Recognition of Cidre de glace du Québec as a Protected Geographical Indication (PGI) was granted on December 30, 2014 by the Ministre de l’Agriculture, des Pêcheries et de l’Alimentation du Québec in legal notice 62532 published in the Gazette officielle du Québec, volume 146, no. 53.
A thoroughly Québec product, the fruit of the winter and local expertise
Three factors combined to give birth to Québec ice cider: the history of apple growing in Québec, the subsequent development of cider production, and innovation.
The innovation component lies in allowing cold weather to naturally concentrate the sugars in apples and their juice, a technique that Québec cider producers have perfected, adapting it to local geographic conditions. The 2000s were noteworthy for the spread of techniques used to concentrate the sugars found in all ice ciders. This period also saw growing recognition of ice cider from consumers, and growing awareness of the Cidre de glace du Québec PGI. From this point of view, the commercial success of ciders bearing this designation in the province, in Canada and, increasingly, in international markets has sparked substantial growth in the cider industry and provided apple growers with new outlets, ensuring the long-term survival of an orchard-cider mill system adapted to market conditions. The resulting added economic value of Québec-grown apples has become greater than that of simply selling late-season apples at market prices.
The organoleptic properties of products bearing the Cidre de glace du Québec PGI include aromas of fruit, flowers, cooked apple, fresh apple, sugar, honey, brown sugar, exotic fruits, lichee, apricot and fig.
Key certification requirements
Cidres de glace du Québec are sweet hard ciders made exclusively from late-season apples grown in Québec and harvested at maturity, obtained from partial fermentation of apple juice whose sugars are concentrated solely by natural cold weather conditions.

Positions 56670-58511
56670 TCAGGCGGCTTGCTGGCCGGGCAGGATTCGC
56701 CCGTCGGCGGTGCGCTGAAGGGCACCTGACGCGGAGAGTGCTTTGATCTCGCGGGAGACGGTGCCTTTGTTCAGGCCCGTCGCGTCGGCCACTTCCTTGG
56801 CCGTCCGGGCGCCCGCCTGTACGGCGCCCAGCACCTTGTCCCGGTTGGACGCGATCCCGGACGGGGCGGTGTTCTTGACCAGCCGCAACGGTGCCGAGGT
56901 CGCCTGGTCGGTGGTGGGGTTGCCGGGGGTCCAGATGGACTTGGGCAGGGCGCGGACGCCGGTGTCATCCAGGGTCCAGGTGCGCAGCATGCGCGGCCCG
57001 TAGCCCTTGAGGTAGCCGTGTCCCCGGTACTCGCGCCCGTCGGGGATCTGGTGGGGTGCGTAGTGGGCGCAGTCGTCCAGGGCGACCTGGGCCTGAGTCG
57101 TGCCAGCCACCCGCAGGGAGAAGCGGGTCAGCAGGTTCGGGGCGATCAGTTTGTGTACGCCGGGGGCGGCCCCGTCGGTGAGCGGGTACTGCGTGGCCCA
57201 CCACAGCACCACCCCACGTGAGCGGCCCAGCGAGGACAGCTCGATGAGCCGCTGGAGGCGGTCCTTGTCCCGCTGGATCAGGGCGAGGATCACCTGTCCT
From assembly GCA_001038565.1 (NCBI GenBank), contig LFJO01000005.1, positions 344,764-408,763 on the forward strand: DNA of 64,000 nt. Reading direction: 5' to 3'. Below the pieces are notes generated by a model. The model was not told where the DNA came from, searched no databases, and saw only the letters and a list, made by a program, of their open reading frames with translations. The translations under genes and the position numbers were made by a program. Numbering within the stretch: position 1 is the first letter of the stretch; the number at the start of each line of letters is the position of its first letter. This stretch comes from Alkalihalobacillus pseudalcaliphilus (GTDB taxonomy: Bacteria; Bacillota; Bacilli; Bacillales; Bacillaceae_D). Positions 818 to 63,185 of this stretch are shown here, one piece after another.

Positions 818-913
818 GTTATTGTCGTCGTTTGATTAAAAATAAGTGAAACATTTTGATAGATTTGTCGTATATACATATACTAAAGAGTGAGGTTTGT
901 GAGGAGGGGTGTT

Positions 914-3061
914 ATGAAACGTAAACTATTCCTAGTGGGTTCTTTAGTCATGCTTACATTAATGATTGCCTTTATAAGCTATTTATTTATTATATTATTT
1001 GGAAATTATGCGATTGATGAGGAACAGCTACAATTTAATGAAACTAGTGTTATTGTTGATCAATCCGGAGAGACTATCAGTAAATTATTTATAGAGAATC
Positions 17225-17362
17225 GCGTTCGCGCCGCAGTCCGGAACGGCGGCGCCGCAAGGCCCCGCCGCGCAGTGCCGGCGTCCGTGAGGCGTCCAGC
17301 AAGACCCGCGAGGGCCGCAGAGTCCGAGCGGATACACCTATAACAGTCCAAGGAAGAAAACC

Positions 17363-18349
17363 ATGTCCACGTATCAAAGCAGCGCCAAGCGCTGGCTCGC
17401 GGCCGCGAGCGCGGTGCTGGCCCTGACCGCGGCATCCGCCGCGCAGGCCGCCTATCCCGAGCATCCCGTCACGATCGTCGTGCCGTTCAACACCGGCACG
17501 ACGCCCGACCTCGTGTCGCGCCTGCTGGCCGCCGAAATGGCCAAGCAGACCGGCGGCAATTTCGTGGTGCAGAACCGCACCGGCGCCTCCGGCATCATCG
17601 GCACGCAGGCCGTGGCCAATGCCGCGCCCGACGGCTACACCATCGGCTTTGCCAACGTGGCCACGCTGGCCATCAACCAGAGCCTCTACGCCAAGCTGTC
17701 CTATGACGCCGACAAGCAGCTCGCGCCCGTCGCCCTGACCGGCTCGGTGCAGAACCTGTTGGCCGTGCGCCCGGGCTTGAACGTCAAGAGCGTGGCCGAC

The apples must be pressed between December 1 and March 1 inclusive. Two methods may be used to achieve the cold concentration of sugars: cryoconcentration and cryoextraction. Cryoconcentration designates a process of concentrating sugars in the juice of apples harvested during the autumn and kept in cold conditions until pressing. Cryoextraction designates a process of concentrating sugars in the whole fruit. The first process involves the use of whole apples that have been allowed to freeze naturally after picking in the autumn and are then pressed, while the second involves the use of apples that have been allowed to freeze on the tree, picked frozen and then pressed. For Cidre de glace du Québec that uses the second method, only apples that have remained on the tree until at least December 1 and picked after that date may be used.
Residual sugar (at least 140 grams per litre) and alcoholic strength (minimum 9% and maximum 13% by volume) are solely the result of the apple’s natural sugars. Cidre de glace du Québec contains no added natural or artificial colourings or flavourings. Cidre de glace du Québec may be still or sparkling (traditional method or Charmat process).
Before being granted permission to use the designation, a product must be evaluated by a tasting panel using criteria set out in the specifications manual of the designation.
It should be noted that processed products (food or alcoholic products) containing Cidre de glace du Québec are not subject to mandatory certification. However, if processed products display the designation, the alcohol used by the processor must be certified as compliant with the specifications of the designation.
Geographical area of the designation
The currently delimited geographical area for Cidre de glace du Québec is determined by plant hardiness zone 3a and higher. The geographical area of the Cidre de glace du Québec PGI is shown in the following map (PDF image).